Understanding and Coping with the Behaviors of Children with Autism
1) Get to know your child and understand their specific needs and difficulties. Know whether the child is sensitive to light, sound, people, etc. Figure out whether the child benefits from sensory input. Get to know your child’s typical symptoms and dangerous behaviors.
2) Start with small goals and expectations (e.g., sitting still for 2 minutes during group time) and build on them based on successes (e.g., sitting still for 10 minutes) until the entire activity can be accomplished (e.g., sitting during entire length of group time)
3) Modify the classroom/home according to the safety of your child (e.g., bolt shelves to wall; put door knob cover on door). Keep in mind that children with autism tend to enjoy climbing furniture, opening and closing cabinets, etc. Autistic children do not have a sense of fear like other children, so we must be aware of all unsafe aspects of our classrooms.
4) Learn about sensory input and while observing your child, try to understand whether the “difficult” behavior is occurring because of too much sensory input or not enough sensory input.
5) If your child is behaving “badly” during high sensory activities and events (e.g., during field trips or while dancing with loud music, etc.), try to avoid these situations or modify the level of sensation. Sensory toys can also be used when manipulation of these events is not an option.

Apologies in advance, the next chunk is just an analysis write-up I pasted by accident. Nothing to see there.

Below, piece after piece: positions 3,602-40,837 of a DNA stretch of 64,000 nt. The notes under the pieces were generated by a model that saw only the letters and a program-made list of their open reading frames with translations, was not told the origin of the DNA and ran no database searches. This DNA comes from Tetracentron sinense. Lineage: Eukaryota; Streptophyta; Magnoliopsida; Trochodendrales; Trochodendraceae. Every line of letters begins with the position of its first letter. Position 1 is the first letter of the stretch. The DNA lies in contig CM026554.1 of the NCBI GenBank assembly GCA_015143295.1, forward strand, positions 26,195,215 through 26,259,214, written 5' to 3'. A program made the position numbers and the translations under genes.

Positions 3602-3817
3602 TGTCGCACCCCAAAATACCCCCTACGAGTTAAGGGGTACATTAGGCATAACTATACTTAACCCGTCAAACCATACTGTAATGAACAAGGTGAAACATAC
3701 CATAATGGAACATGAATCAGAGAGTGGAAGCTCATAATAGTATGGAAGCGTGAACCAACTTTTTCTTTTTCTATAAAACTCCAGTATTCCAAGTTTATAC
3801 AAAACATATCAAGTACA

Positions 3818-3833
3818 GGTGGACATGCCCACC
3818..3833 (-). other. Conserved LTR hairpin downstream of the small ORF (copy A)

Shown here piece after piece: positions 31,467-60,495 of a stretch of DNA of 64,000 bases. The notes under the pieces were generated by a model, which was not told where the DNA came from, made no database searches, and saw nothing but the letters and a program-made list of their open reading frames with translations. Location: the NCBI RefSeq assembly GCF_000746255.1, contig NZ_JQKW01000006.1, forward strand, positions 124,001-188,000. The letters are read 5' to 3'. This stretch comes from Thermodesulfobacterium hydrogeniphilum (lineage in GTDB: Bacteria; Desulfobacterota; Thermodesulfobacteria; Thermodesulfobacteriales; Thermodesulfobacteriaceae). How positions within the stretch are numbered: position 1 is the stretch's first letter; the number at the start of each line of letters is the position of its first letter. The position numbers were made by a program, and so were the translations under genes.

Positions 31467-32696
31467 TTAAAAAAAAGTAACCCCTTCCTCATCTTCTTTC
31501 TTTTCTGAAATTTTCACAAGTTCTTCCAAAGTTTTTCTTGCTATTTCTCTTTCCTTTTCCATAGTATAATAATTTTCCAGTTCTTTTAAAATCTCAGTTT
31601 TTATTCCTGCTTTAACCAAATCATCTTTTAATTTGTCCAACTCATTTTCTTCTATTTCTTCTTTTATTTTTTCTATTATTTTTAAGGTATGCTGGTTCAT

|Standing on furniture|
|"Let's go outside so we can jump!"|
6) On the other hand, if your child is climbing, jumping off furniture, spinning around, or running into furniture, they probably do not have enough sensory input. Sensory integration, such as bear hugs and weighted vests, is a good option for increasing sensory input.
7) When possible, encourage appropriate behavior as a substitute for inappropriate behavior. When your child is climbing furniture, take them outside to climb on playground equipment in order to redirect and teach when climbing is appropriate.
8) When your child successfully accomplishes something, such as saying a complete phrase or kicking a ball, exaggerate your excitement in order to show your child you are happy with what they just did; this encourages positive reinforcement and increases the liklihood that the behavior will occur again in the future.
9) Keep in mind that children with autism typically do not misbehave intentionally, their behaviors are most likely due to external factors, such as their environment, the amount of sensory input they are experiencing, or perhaps they have fallen out of their normal routine.
8) Last but not least, encourage the abilities of your child. Recognize that children with autism need to be modeled the correct behavior and will succeed best when they have caregivers who are knowledgeable of their symptoms and are willing to get to know the child as an individual.
Katherine Zink, Community Inclusion Assistant